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Dr. Abram Ber

Dr. Abram Ber Obituary
Ber, Dr. Abram
"A Place for Everything;
Everything in its Place"
Dr. Abram Ber was born on July 14, 1940 in Bacau, Romania. He was the only child of Freda and David as the war prevented his parents from having another child. After the death of his parents he was told by a family friend that the only reason his mother survived while pregnant with him was that a Romanian soldier took pity on her and removed her and his father from a line of Jews who were about to be deported to Transnistria, the Romanian concentration camp. Abe's grandfather, Hershel, perished in that camp.

Abe and his parents were slated to escape Romania on the ill-fated ship, the Struma, but his father changed his mind. The Struma was torpedoed off the coast of Turkey and only one person survived.

Abe and his parents left Romania for Milan, Italy, in 1947 on the second to the last flight prior to the Communist takeover. The flight after theirs hit the Carpathian Mountains and all aboard the plane died.

Abe and his parents lived in Milan for nearly five years. Abe attended the Hebrew day school, Alessandro da Fano. By the time they left Italy, Abe was fluent in Italian. With his parents he spoke Yiddish and Romanian.

In 1951, Abe and his parents left Europe aboard the American Navy ship, the USS General Stewart, and landed in Halifax, Nova Scotia. They settled in Montreal, Canada and lived there for 26 years. There Abe became proficient in English. French was a compulsory second language.

Abe attended Outremont High School and then went to McGill University where he obtained his Bachelor of Science and then his Medical Degree (1966). He interned and completed a year of Internal Medicine at the Jewish General Hospital in Montreal. He trained in anesthesiology at the Royal Victoria Hospital as well as the Queen Elizabeth Hospital. He became Board Certified in Anesthesiology.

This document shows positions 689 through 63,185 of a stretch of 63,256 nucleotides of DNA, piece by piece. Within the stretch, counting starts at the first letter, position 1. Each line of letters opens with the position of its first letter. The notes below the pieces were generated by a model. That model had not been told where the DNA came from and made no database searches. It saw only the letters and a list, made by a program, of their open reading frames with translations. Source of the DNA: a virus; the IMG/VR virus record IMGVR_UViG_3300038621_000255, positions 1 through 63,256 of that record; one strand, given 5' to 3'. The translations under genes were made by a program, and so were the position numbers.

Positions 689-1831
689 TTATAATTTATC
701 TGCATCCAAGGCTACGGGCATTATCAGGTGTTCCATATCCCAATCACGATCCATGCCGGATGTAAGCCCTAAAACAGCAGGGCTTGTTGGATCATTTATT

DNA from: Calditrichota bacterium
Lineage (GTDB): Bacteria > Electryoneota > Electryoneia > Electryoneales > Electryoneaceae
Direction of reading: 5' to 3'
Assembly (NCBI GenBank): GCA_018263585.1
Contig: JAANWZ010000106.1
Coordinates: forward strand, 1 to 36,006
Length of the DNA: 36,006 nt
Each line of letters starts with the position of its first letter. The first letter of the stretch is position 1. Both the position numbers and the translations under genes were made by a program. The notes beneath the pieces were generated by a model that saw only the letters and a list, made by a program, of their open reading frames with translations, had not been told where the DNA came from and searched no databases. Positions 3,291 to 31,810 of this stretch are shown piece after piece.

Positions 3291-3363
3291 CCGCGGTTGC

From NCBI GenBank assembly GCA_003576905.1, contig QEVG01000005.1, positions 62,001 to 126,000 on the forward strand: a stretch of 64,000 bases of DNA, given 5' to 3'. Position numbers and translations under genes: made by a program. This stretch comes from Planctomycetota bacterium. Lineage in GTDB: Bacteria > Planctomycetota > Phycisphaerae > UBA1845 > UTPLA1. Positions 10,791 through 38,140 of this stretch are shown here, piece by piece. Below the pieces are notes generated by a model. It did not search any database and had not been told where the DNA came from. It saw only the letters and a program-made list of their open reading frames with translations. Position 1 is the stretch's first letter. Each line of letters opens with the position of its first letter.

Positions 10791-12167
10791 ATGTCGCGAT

In 1974, he left the practice of anesthesiology and took over a recently deceased physician's general practice.

In 1975, he became interested in holistic medicine after a patient gave him a book on Vitamin E.

In December 1977, he moved with his family (wife and 2 sons) to Phoenix, Arizona, to join the A.R.E. Clinic that was run by Drs. Bill and Gladys McGarey. In 1978, Abe opened his own practice and became a leader in the holistic medical movement.

In 1982, when the Homeopathic Medical Board was established, he became the first medical doctor to be licensed by the board. His license number was 001.

He served as a member of the Homeopathic Board (now known as the Homeopathic and Integrative Medical Board) and also for several terms as the President of the Homeopathic Association (now the Arizona Homeopathic and Integrative Medical Association).

Dr. Abram Ber lived committed to a holistic lifestyle as he himself had many allergies and, as a result of the severe stresses incurred, suffered with very poor adrenal function that required medication. He read the holistic medical journals, was always studying, and was up on the latest strategies and protocols.

He was profoundly affected by the Holocaust whose impact permeated his very core. The immense sorrow he suffered never left him, and created within him a deep desire to be of help to others. His charitable contributions were more than 50% of his income. He gave away millions of dollars to help orphanages in Israel, Talmudic academies, and was a significant contributor to Chabad.

Dr. Ber identified with Albert Einstein's saying "Only a life lived for others is a life worthwhile."

He was predeceased by his son, Eli, who was a naturopathic physician. Eli's suffering with Crohn's disease for 25 years and his final suffering and struggle with cancer left Dr. Abram Ber totally broken-hearted.

He was happily married to his second wife, Beth, whom he considered his best friend and a true 'Aishes Chayil,' a woman of valor. And, he maintained a warm and caring relationship with his first wife, Moselle Benjamin.

He left behind his firstborn son, Hershel, and his family as well as the wife and children of his son Eli.

Funeral services were held at Mt. Sinai Cemetery in Phoenix on June 24, 2014. Arrangements by Sinai Mortuary.

Many were his friends both in the holistic world and his thousands of patients and his beloved Jewish people

Click here to view the notice as it appeared in print.

Published in The Arizona Republic on June 29, 2014
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